CBC has some 7,000 employees and annual revenues of about C$1.8 billion, with 64% of them coming from the government’s funding, and the rest from advertisements and fees. But amid intensifying competition with commercial broadcasters, ratings are falling and advertisement revenues are slowing. It lost the long-held National Hockey League rights from the 2014 season, meaning a loss of huge advertisement revenues in the year and thereafter. The CBC announced in 2014 its decision to withdraw from the pro-sports areas where broadcast rights have been skyrocketing in recent years, and to concentrate on big amateur sports events, like the Olympic Games.

MacIntyre argues that the CBC should return to top-rate investigative journalism, as in good old days its in-depth pieces on “The Journal” were routinely run on PBS and the BBC. “CBC has just dismantled what was … one of the best documentary units in the world. It’s gone now.” He says he is keen to see CBC become famous again for the right reasons. “I want to go back to a time when the CBC was famous for its programs.” (Huffington Post, Dec. 7)

Richard Stursberg, former assistant deputy minister of communication, who has held top posts at several television-related organizations, says in his article in the Toronto Star (Nov. 19), “The bigger issue is whether the new government wants to save the CBC. This is not a question of money. It is more fundamentally a question of what the CBC should be.”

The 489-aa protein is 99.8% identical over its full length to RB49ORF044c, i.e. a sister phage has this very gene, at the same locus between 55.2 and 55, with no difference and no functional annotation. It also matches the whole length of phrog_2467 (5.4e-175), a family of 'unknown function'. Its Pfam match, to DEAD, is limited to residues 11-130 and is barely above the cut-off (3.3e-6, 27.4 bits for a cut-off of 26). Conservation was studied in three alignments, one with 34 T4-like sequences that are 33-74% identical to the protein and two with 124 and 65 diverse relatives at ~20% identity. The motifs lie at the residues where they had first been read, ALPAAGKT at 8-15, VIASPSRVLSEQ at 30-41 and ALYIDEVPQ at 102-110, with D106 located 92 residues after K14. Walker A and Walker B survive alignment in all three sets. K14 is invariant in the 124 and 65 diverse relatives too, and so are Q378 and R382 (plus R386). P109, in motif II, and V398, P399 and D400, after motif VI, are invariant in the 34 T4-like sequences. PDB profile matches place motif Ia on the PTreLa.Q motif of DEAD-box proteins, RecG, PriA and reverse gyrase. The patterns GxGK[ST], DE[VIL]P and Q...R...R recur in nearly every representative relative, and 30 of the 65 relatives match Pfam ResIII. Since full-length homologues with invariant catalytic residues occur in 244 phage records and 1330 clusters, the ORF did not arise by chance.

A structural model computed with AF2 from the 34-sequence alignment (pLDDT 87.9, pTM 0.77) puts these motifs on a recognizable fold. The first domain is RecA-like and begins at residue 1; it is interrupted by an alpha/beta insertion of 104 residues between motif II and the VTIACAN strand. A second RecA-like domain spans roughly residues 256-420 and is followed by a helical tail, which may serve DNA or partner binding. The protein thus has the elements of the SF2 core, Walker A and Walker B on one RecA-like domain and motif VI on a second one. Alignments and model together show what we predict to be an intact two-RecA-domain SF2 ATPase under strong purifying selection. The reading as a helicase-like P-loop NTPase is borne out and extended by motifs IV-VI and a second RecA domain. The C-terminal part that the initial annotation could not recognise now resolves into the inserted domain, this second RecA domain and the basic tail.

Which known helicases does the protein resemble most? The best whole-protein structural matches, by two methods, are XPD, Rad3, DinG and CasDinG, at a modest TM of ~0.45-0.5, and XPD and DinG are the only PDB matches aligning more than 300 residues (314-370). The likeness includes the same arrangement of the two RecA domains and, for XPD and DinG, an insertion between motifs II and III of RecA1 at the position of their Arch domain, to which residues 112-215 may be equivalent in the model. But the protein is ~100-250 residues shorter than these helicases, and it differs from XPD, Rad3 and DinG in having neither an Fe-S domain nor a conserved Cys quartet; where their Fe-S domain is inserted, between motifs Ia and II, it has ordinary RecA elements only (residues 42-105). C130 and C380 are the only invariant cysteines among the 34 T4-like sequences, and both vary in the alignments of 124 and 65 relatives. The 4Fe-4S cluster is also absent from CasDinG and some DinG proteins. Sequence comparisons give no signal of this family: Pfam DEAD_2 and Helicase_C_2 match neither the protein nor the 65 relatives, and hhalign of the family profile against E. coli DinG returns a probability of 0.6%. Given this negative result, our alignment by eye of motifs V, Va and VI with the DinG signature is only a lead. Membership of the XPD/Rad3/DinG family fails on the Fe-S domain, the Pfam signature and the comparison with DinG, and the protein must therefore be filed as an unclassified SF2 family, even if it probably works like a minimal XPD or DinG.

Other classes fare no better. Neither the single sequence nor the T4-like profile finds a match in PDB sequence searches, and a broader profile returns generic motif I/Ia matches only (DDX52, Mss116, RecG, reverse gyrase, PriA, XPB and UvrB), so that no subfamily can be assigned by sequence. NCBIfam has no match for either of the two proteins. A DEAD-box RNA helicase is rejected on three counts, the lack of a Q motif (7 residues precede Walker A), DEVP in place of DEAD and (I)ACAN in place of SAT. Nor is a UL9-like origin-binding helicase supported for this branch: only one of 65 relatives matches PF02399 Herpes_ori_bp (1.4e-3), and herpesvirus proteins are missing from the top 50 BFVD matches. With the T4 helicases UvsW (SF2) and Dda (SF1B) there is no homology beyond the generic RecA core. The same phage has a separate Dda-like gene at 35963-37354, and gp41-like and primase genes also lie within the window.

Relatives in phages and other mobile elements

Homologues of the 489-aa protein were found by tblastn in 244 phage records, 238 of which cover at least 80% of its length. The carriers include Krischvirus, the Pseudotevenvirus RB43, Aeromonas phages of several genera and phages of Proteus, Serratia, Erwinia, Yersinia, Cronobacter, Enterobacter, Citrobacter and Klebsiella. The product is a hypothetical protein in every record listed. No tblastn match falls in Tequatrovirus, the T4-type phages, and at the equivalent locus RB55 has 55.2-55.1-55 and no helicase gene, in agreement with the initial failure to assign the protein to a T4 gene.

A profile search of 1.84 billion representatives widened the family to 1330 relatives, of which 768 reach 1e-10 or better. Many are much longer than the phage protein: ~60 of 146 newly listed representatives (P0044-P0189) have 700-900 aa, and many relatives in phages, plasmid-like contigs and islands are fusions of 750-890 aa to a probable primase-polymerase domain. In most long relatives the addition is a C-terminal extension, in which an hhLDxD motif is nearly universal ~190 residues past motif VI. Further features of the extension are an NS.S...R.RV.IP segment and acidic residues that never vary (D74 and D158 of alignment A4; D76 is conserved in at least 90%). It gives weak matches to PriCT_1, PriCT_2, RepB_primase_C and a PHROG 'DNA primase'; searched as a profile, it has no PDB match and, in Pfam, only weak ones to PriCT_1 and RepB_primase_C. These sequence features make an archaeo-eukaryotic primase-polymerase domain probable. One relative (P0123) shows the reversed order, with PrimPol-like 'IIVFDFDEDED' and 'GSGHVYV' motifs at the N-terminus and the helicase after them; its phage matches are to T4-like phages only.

So saying, he is making some worthwhile proposals that the CBC and the Ottawa government should consider seriously. First of all, he argues, CBC and the government should adopt a similar agreement between them to what the British Broadcasting Corporation has with the British government – the Royal Charters and Agreements. They define what is expected of the corporation and decide how much money the BBC should receive over the period of the contract, usually lasting 10 years. It is important that the Canadian version of the Royal Charters should define the role of the CBC and what the public broadcaster should aim to be, Stursberg says.

He sees that despite, or because of, the emergence of enormous digital media companies, the role of the CBC is more important today to ensure commitment to providing the “Canadian contents” – which private and digital media pay little attention for the pursuance of commercial profits. He also argues that the CBC should have no ads as today Canadians will not watch television shows with ads to prevent it from falling into competition with commercial media for ratings that would bring about deterioration of programs quality.

It’s interesting to watch if the CBC will come to its turning point in 2016, 80th year since its founding in 1936, and whether the Trudeau government will come to the aid of Canada’s greatest national cultural institution.


By Yoshikazu Ishizuka, TOCS senior consultant